Wednesday, February 17, 2016

Doubt, or What Was I Thinking???

We all get it. That slow, sinking, gut-churning doubt. We're not good enough. What we just wrote? Garbage. No one should read it. Ever.

But, what if it isn't terrible? What if it's good, really good, and we can't see it because we hold on to that cloud of self-doubt and fear of not being "good enough?"

I usually write young adult science fiction, but in November, I jumped on the NaNoWriMo bandwagon and churned out 60K words that actually, somehow, made up a story that wasn't YA or scifi. It was about Sawyer, a college-aged girl with a dark secret, and Andrew, an ex-Marine with one leg, and how they fall in love. It's so different from everything else I wrote, I thought the entire manuscript was trash. But I pushed through, revised, edited, and pitched it at Christmas time during a Twitter pitch contest.

People liked the pitch. Agents, and publishers. So I followed the guidelines, and submitted to an adult romance publisher, as well as the agent. Both came back saying the writing was good, but the story/premise was stale. I. Was. Devastated.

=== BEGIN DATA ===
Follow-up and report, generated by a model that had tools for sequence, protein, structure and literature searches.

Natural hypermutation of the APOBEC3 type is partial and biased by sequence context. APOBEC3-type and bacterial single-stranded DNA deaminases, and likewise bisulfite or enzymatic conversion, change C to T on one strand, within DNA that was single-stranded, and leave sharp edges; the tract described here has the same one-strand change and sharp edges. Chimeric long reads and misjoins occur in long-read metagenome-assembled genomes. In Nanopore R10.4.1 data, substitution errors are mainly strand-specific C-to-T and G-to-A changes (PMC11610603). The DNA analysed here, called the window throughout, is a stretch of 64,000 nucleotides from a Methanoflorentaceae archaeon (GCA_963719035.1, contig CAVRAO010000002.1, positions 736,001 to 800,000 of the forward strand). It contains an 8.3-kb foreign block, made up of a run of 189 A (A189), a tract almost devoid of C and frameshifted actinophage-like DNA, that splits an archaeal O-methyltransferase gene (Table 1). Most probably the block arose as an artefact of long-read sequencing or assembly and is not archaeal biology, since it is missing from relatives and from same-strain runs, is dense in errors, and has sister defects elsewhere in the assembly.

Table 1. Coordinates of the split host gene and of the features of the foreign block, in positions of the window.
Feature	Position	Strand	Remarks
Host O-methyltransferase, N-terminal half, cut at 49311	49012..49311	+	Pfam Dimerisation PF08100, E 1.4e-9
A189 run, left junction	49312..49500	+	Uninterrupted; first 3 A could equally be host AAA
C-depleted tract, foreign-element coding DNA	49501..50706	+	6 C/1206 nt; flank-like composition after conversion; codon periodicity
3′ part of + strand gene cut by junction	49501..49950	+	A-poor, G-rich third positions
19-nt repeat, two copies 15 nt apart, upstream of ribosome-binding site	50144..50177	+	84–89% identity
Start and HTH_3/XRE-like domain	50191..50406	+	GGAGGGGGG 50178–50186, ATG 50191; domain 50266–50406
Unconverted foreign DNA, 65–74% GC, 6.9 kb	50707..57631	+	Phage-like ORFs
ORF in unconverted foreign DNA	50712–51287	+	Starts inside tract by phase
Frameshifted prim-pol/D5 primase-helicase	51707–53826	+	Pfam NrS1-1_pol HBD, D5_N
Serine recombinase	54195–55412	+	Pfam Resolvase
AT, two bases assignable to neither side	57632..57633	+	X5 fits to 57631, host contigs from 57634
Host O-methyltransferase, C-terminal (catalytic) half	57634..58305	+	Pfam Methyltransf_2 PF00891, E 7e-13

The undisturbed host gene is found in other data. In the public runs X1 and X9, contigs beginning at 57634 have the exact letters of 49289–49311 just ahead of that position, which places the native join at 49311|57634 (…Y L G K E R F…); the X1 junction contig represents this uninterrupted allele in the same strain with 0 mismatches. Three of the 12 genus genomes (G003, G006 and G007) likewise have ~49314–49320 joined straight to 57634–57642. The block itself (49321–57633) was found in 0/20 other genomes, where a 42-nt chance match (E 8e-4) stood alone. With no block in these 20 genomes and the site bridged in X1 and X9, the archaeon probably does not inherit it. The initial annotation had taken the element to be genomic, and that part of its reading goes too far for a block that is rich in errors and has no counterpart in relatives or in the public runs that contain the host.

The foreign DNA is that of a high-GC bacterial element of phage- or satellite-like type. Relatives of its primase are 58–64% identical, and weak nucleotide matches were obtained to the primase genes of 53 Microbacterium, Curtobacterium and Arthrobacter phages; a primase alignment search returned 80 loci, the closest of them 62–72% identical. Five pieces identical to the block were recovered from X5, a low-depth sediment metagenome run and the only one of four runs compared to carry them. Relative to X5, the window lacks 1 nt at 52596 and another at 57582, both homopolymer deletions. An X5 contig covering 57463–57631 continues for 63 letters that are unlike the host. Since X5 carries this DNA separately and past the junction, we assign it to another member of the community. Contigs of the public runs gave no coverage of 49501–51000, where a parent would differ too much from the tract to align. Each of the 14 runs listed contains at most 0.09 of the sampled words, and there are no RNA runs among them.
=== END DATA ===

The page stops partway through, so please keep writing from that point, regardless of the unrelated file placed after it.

I gave up. I went back to what I knew, set the other characters and their story aside. I got a publishing contract for my first YA manuscript (see here for more details). Meanwhile, I couldn't stop thinking about Andrew and Sawyer, and their story. So I asked on Twitter if anyone was interested in reading the manuscript, and a few said yes.

Now, I'm no stranger to doubt. We're practically twins. So when I sent Sawyer and Andrew's story off, doubt crept in like a cancer eating away at my insides. The next morning, I got the first reader feedback: my manuscript doesn't suck. She liked it, all of it. I'm not saying everyone will like my style of writing or my stories, but knowing one person out there enjoyed what I wrote goes a long way to squeezing out some of the doubt lingering inside.

I think all writers (and indeed, everyone who puts themselves out there) experience a certain level of doubt at some point in their lives, but it doesn't have to define you. When someone praises your writing, your story, own it! Celebrate it! Because you earned that moment of glory.

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